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A conciliatory P.J. O’Rourke is not the satirist we know and love

19 December 2020

9:00 AM

19 December 2020

9:00 AM

A Cry From the Far Middle: Dispatches from a Divided Land P.J. O’Rourke

Grove Press, pp.230, 16.99

There was an acidic bravura and beauty in P.J. O’Rourke’s early journalism and a gleefulness in the ease with which it raised ire. Hitherto, satirists — and especially American ones — had tended to come from the left, none more so than O’Rourke’s mentor Hunter S. Thompson, who campaigned long and hard for George McGovern in 1972.

Not Patrick Jake. He sprung like a jubilant, potty-mouthed leprechaun from a country which had fallen back in love with itself after the self-flagellating miseries of Vietnam, Watergate and Tehran. Under Ronald Reagan, the economy flourished, the Cold War was won and while the left still carped and cavilled, aghast at the demise of the Soviet Union and the triumph of the likes of Milton Friedman and Friedrich Hayek, O’Rourke’s banner read simply: ‘Told you so. We were right.’ It was a blast of libertarian braggadocio in which the left, and indeed the rest of the world, were ridiculed for their stupidity and backwardness, just as Belinda Carlisle got to number 1 with ‘Heaven is a Place on Earth’, that heaven being the USA.

None were derided more than the Yerpeans, with their awful plumbing, bad teeth, joyless food, remiss personal hygiene and affections for such outré concepts as the mixed economy and the welfare state. O’Rourke wrote with wit, chutzpah and in a manner unfamiliar to American conservatives. Whatever Ayn Rand’s strengths, she never delivered an essay entitled ‘How to Drive Fast on Drugs While Getting Your Wing-Wang Squeezed and Not Spill Your Drink.’ Not least, one supposes, because she did not have a wing-wang. But you take my point.

O’Rourke identified as a Republican — Republican Party Reptile was another early triumph — but this was never quite the whole story. Much like Thompson, he was a libertarian: fiscally dry as dust but on social issues, wet, wet, wet — ferociously pro-immigration, for example, and at ease with (if sometimes waspishly humorous about) homosexuality and feminism. Always anti-authoritarian (which was one reason he was dubbed by left-wingers ‘the conservative it’s OK to like’), he had no truck with populism, or with belligerence as a principal component of foreign policy. So when Trump won the Republican nomination in 2016 he was left estranged from his party. He loathes Trump with more venom than I have ever seen him direct at leftie politicians.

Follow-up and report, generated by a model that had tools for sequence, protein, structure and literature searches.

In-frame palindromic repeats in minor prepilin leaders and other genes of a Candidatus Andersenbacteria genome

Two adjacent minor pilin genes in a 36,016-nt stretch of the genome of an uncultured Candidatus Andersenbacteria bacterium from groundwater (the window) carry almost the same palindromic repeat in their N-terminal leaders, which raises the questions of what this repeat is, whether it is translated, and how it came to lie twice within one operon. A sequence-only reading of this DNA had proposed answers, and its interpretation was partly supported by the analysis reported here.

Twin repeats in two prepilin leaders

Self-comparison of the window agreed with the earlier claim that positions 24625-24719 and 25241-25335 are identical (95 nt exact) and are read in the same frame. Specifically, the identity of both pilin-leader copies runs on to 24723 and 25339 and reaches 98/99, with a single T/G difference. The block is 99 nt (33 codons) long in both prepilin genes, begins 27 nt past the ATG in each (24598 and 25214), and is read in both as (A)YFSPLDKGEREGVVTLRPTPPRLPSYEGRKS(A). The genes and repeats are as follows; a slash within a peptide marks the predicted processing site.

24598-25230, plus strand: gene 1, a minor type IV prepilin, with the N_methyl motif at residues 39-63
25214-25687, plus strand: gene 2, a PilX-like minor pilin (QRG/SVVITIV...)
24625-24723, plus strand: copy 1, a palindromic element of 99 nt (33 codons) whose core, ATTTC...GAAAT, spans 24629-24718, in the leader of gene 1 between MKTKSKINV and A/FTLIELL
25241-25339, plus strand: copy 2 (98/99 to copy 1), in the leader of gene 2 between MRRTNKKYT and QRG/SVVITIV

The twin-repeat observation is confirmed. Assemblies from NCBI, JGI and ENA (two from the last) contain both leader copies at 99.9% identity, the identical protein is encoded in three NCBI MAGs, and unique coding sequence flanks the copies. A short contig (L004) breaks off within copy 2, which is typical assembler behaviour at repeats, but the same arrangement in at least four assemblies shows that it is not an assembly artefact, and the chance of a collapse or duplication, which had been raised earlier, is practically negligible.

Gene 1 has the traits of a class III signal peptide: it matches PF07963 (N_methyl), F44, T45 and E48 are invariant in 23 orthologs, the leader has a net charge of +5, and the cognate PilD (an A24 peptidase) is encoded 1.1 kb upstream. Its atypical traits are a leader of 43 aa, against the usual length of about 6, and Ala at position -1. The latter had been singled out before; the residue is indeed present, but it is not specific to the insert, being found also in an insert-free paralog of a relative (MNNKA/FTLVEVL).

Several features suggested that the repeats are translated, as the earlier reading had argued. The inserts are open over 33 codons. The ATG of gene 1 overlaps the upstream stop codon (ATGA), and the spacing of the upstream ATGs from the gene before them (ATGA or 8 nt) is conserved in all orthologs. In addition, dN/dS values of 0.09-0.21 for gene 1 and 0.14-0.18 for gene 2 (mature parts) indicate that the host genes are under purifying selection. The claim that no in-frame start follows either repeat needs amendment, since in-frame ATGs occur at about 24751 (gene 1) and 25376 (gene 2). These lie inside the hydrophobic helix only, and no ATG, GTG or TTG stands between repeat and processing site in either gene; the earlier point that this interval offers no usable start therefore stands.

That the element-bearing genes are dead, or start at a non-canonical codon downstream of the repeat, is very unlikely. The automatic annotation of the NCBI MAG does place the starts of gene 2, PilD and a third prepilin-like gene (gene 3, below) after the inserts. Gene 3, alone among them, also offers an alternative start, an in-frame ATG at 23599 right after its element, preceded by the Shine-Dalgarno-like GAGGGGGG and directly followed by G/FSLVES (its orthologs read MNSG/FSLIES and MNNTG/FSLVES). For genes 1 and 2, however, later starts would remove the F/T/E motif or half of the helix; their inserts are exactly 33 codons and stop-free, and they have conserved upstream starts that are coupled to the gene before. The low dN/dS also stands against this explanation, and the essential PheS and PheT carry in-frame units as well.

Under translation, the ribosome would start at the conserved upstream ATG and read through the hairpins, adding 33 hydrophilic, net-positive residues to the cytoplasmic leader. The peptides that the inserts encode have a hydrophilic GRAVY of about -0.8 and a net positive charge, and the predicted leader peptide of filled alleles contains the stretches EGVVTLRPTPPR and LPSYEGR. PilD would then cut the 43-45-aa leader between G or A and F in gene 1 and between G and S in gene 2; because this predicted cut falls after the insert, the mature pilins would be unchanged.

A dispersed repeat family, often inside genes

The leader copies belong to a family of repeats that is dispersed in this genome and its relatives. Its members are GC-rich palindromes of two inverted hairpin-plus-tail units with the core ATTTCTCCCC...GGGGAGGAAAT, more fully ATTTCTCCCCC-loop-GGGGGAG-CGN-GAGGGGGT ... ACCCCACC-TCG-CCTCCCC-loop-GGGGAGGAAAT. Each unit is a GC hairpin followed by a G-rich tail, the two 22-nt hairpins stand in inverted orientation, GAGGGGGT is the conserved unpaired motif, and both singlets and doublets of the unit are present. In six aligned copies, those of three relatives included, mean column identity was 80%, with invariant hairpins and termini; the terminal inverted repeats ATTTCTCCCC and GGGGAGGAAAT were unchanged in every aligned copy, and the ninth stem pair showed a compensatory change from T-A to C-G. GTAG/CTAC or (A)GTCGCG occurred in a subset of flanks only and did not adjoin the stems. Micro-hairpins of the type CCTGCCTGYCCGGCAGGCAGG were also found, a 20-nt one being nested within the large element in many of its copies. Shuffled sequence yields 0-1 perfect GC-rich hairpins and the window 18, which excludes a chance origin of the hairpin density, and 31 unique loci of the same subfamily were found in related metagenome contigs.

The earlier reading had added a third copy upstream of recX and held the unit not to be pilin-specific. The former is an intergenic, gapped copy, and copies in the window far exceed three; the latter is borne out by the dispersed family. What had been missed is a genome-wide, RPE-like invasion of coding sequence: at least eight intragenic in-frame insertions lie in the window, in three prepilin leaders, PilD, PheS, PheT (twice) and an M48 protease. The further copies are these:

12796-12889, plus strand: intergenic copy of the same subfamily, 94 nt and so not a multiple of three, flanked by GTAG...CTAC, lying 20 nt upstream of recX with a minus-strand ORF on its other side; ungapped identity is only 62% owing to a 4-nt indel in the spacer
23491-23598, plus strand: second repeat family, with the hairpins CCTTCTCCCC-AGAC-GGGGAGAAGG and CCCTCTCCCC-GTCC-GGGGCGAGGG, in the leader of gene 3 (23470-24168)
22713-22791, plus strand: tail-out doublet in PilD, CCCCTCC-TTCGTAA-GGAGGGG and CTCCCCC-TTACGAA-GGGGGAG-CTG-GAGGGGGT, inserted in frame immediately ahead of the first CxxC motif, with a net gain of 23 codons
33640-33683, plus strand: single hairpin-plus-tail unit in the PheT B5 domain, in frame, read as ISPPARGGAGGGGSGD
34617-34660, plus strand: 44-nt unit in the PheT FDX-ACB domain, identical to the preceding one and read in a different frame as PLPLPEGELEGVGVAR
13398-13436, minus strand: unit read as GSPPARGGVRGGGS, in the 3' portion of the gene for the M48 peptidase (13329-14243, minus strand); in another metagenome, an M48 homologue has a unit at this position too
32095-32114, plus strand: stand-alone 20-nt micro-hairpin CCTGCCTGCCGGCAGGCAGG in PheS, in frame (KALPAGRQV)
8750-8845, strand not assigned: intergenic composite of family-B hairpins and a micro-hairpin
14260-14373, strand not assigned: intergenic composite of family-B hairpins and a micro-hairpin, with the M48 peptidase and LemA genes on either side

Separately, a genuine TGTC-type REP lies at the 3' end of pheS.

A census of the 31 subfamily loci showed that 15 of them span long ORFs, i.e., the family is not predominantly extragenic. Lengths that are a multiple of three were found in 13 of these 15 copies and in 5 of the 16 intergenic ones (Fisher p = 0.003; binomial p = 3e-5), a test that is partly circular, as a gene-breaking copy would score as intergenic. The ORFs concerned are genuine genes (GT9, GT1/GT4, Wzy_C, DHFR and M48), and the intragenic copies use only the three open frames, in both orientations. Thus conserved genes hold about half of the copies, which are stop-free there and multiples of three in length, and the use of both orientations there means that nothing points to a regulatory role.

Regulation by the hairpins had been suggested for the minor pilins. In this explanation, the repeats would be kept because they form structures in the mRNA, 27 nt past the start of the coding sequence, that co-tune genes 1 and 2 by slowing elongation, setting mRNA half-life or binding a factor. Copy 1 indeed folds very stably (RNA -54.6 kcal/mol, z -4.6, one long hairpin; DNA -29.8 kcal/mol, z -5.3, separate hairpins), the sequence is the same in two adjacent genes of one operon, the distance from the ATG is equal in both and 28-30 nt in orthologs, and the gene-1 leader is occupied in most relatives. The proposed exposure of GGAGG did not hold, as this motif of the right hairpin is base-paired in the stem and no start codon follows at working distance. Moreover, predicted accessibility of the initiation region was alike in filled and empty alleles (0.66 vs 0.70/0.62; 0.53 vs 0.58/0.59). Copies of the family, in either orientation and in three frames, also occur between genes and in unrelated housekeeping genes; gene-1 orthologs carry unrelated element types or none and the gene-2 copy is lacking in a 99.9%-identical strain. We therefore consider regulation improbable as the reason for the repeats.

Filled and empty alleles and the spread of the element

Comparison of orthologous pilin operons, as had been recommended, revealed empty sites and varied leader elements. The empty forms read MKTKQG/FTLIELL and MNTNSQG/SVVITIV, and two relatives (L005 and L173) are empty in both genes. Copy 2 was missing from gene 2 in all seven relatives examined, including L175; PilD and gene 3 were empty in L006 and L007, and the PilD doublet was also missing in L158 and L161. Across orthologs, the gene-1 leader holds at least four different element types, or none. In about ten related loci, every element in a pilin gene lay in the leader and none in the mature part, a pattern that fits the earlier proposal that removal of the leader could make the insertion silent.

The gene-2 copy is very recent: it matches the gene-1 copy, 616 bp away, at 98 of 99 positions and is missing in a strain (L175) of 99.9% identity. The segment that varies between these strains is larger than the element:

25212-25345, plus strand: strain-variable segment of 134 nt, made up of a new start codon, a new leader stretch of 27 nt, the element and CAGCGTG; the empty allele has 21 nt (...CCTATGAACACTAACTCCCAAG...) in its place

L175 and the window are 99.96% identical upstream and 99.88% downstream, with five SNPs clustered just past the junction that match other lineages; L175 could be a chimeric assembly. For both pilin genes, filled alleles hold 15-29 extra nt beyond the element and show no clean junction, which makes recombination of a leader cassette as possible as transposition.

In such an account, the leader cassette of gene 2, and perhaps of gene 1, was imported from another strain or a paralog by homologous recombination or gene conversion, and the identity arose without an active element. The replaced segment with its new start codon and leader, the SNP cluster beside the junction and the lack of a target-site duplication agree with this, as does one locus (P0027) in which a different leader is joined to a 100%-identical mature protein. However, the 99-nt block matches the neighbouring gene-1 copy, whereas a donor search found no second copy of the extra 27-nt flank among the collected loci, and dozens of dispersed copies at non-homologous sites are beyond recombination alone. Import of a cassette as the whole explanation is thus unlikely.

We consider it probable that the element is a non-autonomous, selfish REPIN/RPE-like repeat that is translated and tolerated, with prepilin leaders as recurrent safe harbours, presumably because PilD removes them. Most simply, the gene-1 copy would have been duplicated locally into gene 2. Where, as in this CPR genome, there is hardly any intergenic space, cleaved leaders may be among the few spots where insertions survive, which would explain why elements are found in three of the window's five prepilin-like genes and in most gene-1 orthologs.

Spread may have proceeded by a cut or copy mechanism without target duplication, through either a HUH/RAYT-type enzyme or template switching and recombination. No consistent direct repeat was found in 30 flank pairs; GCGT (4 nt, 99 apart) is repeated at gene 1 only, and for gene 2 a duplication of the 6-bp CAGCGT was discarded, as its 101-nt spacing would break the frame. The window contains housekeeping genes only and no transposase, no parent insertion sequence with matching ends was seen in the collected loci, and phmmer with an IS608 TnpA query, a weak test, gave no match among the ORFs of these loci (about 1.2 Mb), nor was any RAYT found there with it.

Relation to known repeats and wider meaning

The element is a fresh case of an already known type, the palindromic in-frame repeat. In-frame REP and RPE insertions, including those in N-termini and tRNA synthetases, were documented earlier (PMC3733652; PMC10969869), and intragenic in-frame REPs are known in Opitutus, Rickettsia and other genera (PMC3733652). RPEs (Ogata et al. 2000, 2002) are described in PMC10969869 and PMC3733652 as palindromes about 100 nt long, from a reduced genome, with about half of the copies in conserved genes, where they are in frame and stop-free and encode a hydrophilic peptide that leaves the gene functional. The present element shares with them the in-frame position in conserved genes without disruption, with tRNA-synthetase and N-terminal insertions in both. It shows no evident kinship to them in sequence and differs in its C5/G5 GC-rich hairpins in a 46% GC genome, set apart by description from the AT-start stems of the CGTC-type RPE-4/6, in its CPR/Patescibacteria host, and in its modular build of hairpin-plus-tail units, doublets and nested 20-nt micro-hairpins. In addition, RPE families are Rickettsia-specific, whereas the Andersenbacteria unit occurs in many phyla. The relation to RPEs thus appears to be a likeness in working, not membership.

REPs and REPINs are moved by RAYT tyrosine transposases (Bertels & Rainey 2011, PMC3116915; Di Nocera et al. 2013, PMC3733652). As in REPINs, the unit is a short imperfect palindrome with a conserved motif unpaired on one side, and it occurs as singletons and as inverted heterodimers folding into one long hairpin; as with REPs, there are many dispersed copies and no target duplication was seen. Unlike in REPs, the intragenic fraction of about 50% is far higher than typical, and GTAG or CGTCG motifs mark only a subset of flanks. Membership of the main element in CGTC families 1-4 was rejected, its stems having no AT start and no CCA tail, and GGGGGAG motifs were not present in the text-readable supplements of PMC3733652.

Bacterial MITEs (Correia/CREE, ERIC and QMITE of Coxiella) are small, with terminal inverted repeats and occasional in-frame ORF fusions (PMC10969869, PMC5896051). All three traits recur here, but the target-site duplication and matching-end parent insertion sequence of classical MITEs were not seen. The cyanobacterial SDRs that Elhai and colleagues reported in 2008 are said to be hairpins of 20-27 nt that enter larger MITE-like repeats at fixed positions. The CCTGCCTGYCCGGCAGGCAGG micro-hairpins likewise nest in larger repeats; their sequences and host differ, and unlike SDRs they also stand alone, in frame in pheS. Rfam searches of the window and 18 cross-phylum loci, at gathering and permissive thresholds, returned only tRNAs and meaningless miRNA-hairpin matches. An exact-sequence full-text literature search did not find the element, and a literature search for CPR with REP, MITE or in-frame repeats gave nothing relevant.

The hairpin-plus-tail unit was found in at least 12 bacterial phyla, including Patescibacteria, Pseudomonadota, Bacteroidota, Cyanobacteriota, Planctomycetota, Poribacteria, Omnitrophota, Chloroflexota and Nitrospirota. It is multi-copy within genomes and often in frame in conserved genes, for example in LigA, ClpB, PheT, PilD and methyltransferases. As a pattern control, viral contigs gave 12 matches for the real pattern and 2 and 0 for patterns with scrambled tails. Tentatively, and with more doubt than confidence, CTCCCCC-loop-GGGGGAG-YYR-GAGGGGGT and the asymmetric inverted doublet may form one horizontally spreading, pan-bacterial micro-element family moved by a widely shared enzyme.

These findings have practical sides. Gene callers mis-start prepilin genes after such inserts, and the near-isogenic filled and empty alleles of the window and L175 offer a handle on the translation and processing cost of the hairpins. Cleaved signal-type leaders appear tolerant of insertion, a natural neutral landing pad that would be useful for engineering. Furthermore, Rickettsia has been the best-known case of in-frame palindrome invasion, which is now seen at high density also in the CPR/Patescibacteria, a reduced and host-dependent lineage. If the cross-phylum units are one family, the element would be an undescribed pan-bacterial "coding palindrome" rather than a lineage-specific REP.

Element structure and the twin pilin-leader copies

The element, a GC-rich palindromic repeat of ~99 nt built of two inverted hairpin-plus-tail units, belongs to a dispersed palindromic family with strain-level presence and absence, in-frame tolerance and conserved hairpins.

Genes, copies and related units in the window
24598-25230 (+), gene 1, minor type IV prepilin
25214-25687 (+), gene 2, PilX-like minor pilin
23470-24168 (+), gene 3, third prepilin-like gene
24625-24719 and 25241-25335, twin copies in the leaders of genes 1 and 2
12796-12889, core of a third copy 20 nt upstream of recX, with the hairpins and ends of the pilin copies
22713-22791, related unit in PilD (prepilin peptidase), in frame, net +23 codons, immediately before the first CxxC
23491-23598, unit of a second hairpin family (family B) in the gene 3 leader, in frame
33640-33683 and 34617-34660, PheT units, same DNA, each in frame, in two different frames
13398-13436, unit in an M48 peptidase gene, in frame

This latest book, then, weirdly, is an olive branch extended to America’s liberals, a wish that they might join him in the centre, rejecting a political debate which is ‘dominated by Left Wing Kooks, Right Wing Nuts, and Random Flakes’. As O’Rourke puts it near the beginning of this entertaining if often slipshod and hurried collection: ‘It’s time for the rise of the extreme moderate. Power to the far middle! Let’s bring the Wishy Washy back together, along with the Namby and the Pamby and the Milque and the Toast.’ His concern is the polarisation of politics. He has no time for the socialists and the uberwoke; no time for Make America Great Again either.

Which leaves him in a strange position for a satirist: ‘I have come to heal’ is not what we expect from the author; and perhaps a little too often, despite the usual high content of witticisms, one notices a nail not being hit squarely on the head. He locates the divide in the USA — accurately enough, but hardly news to the rest of us — as being between ‘heartlanders’ and ‘coastals’, and there is a quiz you can take to see into which category you fit. (Do you eat avocado toast or bread and butter, locally sourced food or ‘microwave to recliner’?) He is in general on the side of the heartlander.

Elsewhere he sticks the boot into climate change, suggesting, a little ridiculously, that the exhalation of carbon dioxide from our lungs exceeds many times that produced by burning fossil fuels. He stands up for patriotism but not for nationalism:

The difference between patriotism and nationalism is the difference between the love a father has for his family and the love a Godfather has for his family — the Bonnano family, the Colombo family, the Gambino family.

He is aghast at the progressive propaganda dripped into his teenage daughter’s ears at school: ‘They are cognisant of the origins of poverty but ignorant of the origins of wealth’ — which is as good a line as any in the book and deserves to be stolen. He daydreams of a kind of coalition in which a ‘good Democrat’ is appointed secretary of health and human services and a ‘good Republican’ is appointed secretary of the treasury; later, in his imagination, the two men hug, ‘and then I wake up with drool on my face’.

I think Donald Trump has discombobulated P.J. more than he can adequately express. Maybe four years of Joe Biden and ‘The Squad’ will restore his excellent bile.

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